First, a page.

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Space Scoop
Galaxy Hits a Cosmic Bullseye

The Universe is vast and largely made up of empty space, but cosmic collisions still happen pretty often. Take the galaxy in this picture: it looks like a giant target board, and some 300 million years ago, a smaller galaxy scored a cosmic bullseye when it crashed right into the center of it.

This galaxy began its life as a spiral galaxy. It had several long winding 'arms' of stars and dust wrapped around its center, like the galaxy in this picture . But the impact of the smaller galaxy disturbed the tidy lanes of stars and the neat galactic center and warped the galaxy into this sloppy ring. You can see that the bright, gassy center of the galaxy has been pushed to one side and the spiral arms have been twisted into a chaotic mess. What is left of one of the spiral arms can be seen extending upwards, out of the top of the galaxy.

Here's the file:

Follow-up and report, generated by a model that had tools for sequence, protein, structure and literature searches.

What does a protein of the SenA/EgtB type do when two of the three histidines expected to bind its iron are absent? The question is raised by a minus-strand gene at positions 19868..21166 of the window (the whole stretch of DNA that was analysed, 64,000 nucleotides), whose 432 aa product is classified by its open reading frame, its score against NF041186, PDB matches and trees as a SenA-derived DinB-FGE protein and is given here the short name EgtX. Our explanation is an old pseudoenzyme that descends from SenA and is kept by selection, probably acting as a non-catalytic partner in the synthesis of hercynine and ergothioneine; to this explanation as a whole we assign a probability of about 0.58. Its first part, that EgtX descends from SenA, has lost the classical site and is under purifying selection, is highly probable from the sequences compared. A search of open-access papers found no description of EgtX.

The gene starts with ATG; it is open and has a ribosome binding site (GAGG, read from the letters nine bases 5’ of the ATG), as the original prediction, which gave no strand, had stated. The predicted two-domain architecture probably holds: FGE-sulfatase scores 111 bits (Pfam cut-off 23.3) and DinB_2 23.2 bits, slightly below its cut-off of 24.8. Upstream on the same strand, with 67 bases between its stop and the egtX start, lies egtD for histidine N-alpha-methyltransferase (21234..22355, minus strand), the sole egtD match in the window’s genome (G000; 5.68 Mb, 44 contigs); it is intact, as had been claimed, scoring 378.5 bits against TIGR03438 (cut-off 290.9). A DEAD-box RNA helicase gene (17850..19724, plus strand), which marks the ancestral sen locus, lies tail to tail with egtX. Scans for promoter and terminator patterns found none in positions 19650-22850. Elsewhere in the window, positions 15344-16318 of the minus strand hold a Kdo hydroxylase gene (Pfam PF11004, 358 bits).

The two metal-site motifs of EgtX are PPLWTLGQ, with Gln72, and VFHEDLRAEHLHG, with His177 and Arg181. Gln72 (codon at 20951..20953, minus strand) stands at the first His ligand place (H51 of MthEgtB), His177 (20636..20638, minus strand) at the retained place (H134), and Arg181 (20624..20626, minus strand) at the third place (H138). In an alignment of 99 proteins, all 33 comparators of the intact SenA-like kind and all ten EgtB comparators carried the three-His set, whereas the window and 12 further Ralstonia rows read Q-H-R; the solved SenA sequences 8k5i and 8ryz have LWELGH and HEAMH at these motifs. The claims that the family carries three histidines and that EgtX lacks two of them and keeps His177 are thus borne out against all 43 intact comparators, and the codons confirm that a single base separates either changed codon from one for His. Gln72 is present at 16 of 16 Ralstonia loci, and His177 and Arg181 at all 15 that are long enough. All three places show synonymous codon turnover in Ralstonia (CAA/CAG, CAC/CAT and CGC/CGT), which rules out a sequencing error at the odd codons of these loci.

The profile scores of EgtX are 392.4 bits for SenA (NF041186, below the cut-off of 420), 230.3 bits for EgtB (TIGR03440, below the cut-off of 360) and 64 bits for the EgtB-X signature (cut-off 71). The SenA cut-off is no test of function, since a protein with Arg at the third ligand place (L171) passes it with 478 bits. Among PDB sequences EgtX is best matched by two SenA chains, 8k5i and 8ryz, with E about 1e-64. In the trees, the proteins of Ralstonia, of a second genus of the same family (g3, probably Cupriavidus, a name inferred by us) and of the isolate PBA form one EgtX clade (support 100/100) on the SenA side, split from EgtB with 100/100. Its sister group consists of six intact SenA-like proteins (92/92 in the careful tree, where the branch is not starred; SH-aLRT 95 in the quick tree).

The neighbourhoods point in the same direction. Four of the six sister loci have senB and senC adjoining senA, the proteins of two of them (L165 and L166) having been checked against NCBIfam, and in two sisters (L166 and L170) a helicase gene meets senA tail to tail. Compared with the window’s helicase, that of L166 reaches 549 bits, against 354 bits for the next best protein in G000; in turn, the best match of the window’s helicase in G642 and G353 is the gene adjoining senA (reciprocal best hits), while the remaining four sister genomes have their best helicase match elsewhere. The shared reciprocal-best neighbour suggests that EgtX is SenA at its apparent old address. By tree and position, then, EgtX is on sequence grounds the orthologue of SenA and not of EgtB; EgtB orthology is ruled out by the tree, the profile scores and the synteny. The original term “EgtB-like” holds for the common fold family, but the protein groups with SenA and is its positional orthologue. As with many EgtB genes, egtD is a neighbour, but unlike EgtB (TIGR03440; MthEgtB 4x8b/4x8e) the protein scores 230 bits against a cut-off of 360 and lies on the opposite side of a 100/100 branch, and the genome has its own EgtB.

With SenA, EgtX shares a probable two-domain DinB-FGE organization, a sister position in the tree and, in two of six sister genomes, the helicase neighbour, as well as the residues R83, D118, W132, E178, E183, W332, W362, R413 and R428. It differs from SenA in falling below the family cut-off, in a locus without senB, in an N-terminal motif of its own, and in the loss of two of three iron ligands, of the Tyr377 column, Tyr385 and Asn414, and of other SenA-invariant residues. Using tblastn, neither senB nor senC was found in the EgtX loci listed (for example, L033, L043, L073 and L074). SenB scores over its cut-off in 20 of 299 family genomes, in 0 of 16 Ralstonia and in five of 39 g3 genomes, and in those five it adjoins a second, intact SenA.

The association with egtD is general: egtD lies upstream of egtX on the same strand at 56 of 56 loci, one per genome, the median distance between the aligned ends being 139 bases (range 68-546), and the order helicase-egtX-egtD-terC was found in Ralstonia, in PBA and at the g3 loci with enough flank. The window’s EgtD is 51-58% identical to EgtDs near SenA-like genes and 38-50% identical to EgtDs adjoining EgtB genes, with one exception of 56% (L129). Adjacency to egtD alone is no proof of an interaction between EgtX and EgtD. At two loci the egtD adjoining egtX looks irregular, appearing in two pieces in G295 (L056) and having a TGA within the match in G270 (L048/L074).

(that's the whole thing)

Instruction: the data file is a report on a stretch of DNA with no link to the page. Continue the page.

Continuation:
The collision also set off a ripple effect, like when you throw a pebble into a still lake. The disturbed gases throughout the galaxy triggered a chain reaction of star formation. Hundreds of enormous new stars were born. You can see these as bright red regions in the image.

Cool fact: The Milky Way is also destined to get a major makeover, 4 billion years from now, when it collides with our nearest galactic neighbor, the Andromeda Galaxy. The Sun will probably be thrown into a different part of the galaxy. Can you imagine seeing a totally different night sky?

More information
This Space Scoop is based on Hubble and NASA Chandra X-ray Observatory Releases.


This is a kids' version of Chandra Press Release NGC 922 (December 6, 2012)

Do you want to learn more about this topic?

Visit the Chandra field guide or send us your questions in an email: cxcpub@cfa.harvard.edu




In cooperation with Space Scoop: Bringing news from across the Universe to children all around the world. Universe Awareness and the Chandra X-ray Observatory


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